Sunday, 30 November 2008

S-Cool 'Gap Year Issue'

Working During your Gap Year
The thought of working during what is potentially a year of lazing around and burning your A-Level notes might seem crazy but it could possibly be the best experience of your life. It might seem like a year would be the optimum time to defrost your revision brain freeze (a state of mind filled with an abnormally large quantity of facts) but without interaction and mental stimulation, it’ll drag by like a duck in custard. So how do you fill your day with work, but not feel like you’ve morphed into the 9 to 5 nightmare?
Well, there’s all manner of activities you can get up to and most of them are extremely flexible to your time and skills.

For those who want a taster in working in the technical sector we recommend YINI[1] who are experts are finding both pre-university students and undergraduates work placements. They have regional offices which offer support to students who wish to apply via the YINI scheme. There are many well known corporations which you can go to, within the fields of engineering, science, IT, e-commerce, business, marketing, finance and logistics. You get paid, usually over £10,000 and a third of interns get sponsored through University, making this a very worthwhile starting point to develop a relationship with an established company. The range of projects that students work on during their placement ranges from testing toothpaste flow to evaluating calorimetry techniques.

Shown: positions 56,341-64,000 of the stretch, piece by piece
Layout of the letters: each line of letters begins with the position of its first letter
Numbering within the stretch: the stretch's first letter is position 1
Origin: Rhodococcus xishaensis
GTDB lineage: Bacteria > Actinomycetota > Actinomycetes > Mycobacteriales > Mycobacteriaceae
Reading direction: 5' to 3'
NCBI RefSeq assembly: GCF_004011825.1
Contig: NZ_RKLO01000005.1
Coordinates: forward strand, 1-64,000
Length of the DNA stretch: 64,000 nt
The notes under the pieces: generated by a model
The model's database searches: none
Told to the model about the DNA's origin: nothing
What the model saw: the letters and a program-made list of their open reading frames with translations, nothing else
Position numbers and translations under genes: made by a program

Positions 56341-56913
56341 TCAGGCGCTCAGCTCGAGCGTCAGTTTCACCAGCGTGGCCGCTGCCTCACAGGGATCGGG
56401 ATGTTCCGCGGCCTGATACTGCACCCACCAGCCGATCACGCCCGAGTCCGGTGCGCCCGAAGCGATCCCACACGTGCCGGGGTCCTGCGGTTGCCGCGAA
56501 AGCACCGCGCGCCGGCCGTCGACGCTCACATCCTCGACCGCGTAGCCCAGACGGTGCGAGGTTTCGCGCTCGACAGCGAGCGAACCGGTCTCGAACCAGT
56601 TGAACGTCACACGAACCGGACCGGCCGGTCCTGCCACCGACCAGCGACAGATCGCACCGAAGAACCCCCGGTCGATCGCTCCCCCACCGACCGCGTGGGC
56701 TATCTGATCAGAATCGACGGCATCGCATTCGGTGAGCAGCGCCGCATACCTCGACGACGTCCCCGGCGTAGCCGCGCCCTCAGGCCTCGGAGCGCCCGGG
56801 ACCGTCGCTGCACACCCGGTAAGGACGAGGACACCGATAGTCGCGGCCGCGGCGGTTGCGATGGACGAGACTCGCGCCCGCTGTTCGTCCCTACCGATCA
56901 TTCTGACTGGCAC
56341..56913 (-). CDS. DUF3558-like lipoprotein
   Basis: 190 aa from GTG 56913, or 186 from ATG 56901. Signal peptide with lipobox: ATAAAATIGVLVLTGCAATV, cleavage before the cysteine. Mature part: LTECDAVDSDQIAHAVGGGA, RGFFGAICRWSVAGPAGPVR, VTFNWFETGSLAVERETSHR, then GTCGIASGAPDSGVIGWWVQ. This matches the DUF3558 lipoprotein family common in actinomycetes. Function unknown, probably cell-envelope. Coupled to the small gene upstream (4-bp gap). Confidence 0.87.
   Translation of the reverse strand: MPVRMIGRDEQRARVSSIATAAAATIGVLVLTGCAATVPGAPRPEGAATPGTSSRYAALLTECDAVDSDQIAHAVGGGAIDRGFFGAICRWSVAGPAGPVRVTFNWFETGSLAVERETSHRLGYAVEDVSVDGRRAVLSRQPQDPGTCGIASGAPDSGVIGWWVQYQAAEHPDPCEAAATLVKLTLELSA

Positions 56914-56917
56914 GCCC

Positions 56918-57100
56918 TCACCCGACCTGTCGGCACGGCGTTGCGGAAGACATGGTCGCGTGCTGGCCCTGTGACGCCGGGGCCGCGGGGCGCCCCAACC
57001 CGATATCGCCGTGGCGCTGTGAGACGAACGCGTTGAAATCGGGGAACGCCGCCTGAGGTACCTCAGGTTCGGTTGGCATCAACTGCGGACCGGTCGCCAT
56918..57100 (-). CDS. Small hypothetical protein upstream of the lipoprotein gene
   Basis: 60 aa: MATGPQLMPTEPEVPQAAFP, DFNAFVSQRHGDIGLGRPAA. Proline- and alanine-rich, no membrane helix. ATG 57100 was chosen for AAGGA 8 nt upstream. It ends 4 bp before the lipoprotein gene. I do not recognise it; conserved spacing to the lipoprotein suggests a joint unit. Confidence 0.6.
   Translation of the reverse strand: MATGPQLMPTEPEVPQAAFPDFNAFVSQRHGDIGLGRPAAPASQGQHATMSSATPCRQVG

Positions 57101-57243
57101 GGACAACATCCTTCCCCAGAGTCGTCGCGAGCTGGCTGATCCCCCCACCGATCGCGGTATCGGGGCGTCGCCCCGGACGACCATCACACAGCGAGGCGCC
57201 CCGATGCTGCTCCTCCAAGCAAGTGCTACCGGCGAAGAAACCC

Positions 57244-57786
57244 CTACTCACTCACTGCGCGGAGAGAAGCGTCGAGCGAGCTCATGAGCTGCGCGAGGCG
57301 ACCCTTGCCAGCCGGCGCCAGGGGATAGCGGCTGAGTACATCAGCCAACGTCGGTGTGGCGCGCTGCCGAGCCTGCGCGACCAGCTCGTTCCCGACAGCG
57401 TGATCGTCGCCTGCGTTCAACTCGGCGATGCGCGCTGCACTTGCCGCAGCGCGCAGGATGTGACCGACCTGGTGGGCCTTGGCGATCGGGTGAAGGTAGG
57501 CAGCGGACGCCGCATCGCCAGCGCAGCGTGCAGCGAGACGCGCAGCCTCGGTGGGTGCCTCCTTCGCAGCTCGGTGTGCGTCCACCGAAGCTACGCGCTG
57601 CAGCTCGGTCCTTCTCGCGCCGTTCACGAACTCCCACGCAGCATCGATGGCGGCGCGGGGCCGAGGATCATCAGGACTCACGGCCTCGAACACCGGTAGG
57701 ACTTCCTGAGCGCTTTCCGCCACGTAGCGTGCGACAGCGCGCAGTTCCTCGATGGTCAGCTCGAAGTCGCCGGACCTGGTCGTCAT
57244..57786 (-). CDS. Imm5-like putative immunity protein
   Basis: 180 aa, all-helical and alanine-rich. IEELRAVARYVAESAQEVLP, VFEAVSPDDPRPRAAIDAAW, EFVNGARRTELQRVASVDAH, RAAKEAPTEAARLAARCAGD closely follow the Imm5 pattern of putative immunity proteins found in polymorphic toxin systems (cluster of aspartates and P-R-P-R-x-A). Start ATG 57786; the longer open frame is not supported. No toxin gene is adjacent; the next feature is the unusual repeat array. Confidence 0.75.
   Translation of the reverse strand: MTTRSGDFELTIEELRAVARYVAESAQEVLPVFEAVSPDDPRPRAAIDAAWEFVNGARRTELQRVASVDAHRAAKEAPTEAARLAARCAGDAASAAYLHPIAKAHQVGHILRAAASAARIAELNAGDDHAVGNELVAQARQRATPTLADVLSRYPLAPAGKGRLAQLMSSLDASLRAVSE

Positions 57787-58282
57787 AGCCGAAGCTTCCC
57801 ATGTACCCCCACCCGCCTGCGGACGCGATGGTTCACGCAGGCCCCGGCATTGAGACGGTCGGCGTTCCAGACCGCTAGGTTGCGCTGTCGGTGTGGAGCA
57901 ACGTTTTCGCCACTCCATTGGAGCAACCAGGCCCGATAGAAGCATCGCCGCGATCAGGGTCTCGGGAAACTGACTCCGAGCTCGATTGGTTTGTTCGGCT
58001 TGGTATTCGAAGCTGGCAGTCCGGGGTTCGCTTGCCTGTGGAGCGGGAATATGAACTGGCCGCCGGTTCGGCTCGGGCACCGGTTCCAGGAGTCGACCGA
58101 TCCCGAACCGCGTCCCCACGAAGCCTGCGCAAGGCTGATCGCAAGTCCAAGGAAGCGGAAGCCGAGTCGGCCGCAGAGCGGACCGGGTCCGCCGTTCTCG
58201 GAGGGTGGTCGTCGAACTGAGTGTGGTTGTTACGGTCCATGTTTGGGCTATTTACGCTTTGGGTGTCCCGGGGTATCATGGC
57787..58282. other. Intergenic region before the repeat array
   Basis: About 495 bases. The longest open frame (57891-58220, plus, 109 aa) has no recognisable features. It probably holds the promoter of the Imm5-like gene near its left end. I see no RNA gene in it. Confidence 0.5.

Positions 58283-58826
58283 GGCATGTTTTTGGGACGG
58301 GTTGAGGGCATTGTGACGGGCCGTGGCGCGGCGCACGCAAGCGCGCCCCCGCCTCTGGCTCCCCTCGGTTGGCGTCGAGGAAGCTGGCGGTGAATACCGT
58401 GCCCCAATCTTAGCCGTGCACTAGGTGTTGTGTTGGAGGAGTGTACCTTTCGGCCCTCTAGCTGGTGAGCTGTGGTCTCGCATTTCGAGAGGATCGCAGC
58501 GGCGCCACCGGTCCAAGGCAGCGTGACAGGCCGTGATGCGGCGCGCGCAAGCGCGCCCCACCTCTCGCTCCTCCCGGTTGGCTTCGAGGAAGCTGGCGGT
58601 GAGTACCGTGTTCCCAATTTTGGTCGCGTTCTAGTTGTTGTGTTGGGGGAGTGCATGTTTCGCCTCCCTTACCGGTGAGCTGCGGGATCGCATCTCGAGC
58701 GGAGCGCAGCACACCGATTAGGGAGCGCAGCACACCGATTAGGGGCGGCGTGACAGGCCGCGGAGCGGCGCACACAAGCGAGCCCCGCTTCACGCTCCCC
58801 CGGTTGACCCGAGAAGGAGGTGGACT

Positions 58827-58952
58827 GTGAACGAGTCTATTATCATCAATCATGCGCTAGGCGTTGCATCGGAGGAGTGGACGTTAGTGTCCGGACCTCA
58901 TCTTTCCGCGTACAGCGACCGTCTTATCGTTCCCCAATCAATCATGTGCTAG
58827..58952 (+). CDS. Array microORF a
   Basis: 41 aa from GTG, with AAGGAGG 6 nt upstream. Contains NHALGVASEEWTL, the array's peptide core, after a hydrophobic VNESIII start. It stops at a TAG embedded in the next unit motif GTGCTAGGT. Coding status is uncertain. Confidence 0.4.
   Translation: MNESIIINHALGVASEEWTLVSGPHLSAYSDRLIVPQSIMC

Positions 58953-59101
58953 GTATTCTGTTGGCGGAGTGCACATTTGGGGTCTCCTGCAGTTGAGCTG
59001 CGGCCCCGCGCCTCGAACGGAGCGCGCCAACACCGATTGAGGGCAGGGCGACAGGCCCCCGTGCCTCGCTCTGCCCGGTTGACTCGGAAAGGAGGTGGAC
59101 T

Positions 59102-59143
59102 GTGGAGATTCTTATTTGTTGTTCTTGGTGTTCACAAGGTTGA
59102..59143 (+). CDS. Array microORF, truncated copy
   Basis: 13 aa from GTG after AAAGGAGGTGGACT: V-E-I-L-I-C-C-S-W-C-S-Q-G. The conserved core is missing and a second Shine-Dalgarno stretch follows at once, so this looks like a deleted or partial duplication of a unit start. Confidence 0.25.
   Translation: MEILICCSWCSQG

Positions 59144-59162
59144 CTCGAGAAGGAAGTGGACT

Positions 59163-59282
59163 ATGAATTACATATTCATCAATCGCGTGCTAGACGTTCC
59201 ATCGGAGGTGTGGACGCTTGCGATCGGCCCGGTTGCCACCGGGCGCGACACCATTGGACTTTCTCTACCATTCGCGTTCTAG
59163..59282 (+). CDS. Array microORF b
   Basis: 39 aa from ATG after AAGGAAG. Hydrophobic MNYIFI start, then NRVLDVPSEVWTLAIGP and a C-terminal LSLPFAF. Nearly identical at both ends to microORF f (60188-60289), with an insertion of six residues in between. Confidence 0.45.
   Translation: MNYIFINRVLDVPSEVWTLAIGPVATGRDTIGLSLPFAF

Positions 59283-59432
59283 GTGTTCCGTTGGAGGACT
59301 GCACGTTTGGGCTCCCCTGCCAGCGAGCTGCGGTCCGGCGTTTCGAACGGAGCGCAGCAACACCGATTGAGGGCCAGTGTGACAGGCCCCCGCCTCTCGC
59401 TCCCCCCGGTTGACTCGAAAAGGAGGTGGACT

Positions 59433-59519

If working in an office or lab isn’t your thing, or you want a totally different experience, travelling the world could be perfect for you. Many students structure their travelling with projects, whether it be teaching or working with a charity or working with animals. Teaching English allows many UK students to travel to exotic locations and rural villages. We recommend i-to-i [2] which offers life changing travel and Global Experience [3]for varied packages such as working in a Zoo in Argentina. Project planning is essential for this as it is usually unpaid and will require you to apply for funding, which is actually easier than it sounds!

Why not look close to home and consider volunteer work? This is cheaper and much more flexible and you might find some hidden opportunities. Some Universities take in students to help with their research and media jobs are always happy to welcome a volunteer, you never know, you could end up writing for your local newspaper or being on radio!

Thursday, 30 October 2008

S-Cool 'Nuclear Issue'

The Nuclear Revolution